typedef struct foo_t;

    struct foo_t {
    int bar;
    };

    int main()
    {
    foo_t foo; // Not recognized as struct foo_t, only typedef foo_t

    foo.| // No completion offered
    }

    Comment by Robin Pedersen — March 6, 2009 @ 4:29 pm

  5. Sorry, there’s a mistake above. The first line should be:
    typedef struct foo_t foo_t;

    Comment by Robin Pedersen — March 6, 2009 @ 4:31 pm

  6. @Illius: It does not care about the length. See the MyOwnIntegerType example.

    @Robin Pedersen: There is no official C support yet, so it’s not a real bug, but if you file a bug-report, I would probably make that thing work at some point.

    Comment by zwabel — March 6, 2009 @ 4:34 pm

  7. Is it too difficult at this point to modify DUChain to internally have an alias system. Unidirectional (ie “size_t” is an alias for “unsigned int” but not the reverse). Perhaps that is what you mean by “custom type”.

    This would not immediately solve the problem of which typename to show a user in a given context but would make it much easier to do the right things in the right places later on. Particularly if you (or someone else) goes on to implement more tools, such as a code refactoring it could be important to have the correct representation.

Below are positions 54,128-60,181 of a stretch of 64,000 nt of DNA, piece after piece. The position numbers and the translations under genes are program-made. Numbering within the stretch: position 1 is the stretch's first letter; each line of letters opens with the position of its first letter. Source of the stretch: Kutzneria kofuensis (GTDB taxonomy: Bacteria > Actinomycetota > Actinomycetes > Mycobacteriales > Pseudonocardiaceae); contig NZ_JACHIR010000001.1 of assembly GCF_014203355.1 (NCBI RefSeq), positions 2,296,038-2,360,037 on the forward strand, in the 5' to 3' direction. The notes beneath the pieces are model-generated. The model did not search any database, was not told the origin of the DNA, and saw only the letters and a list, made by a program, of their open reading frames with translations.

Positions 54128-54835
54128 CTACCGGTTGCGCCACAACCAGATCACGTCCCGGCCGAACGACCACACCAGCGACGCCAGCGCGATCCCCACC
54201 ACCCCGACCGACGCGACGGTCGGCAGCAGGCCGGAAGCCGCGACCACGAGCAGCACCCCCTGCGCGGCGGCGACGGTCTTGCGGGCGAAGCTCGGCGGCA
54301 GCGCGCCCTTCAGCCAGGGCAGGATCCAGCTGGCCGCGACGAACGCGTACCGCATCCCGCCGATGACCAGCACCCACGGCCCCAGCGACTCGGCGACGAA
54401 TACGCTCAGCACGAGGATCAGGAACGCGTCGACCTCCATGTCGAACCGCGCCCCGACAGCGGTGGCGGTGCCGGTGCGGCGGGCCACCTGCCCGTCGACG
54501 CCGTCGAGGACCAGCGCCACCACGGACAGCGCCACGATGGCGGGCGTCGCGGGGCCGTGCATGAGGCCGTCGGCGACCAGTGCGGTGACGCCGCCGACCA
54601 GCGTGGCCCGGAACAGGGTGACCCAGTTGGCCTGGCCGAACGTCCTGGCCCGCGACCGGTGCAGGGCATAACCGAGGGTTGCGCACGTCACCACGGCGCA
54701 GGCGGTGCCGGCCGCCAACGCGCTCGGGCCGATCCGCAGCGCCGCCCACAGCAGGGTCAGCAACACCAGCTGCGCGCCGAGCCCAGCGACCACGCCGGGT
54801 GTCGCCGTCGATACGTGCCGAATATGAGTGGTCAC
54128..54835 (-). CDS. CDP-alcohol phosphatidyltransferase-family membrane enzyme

You talked about “semantic highlighting” before, this is exactly about semantics, i.e. you want your object representing std::string to know

    (1) that it “is a” std::basic_string

    …but that…

    (2) in this context its **meaning in the code** is std::string.

    Comment by maninalift — March 6, 2009 @ 4:48 pm

  8. @maninalift: That alias system is there. The system knows that std::string is std::basic_string, it can do correct type-conversion operations, and everything.

    The only point where I had to do a compromise was the “identity” of template-instantiations, because by C++ standard, those should not care about typedefs, but now they do.

    Comment by zwabel — March 6, 2009 @ 4:51 pm

  9. Done, bug 186361

    Comment by Robin Pedersen — March 6, 2009 @ 4:54 pm

  10. Having such a full representation of typedefs would allow you to provide contextual information about the type semantics , e.g. this is a my_string which is a std::string which is a…

    While you might not want to show this all by default (then again you might) having it a click-away in the contextual information would do a lot to solve any frustrations relating to giving the user the “wrong” type information.

    Comment by maninalift — March 6, 2009 @ 4:56 pm

  11. @maninalift: That’s how it works. When you click a typedef name in the navigation-widget, you get to navigate the type behind the typedef, but normally you only see the typedef name.

    Comment by zwabel — March 6, 2009 @ 5:25 pm

  12. What I meant was, if in the example given, you had written, say, “unsigned int function2()”, it wouldn’t get too clever and use MyOwnIntegerType there, right?

    Comment by illissius — March 6, 2009 @ 6:41 pm

  13. @illisius: Impossible. That wouldn’t bee “too clever”, that would be stupid.πŸ˜‰

    Comment by zwabel — March 6, 2009 @ 7:19 pm

  14. @zwabel excellent

    Comment by maninalift — March 8, 2009 @ 5:06 pm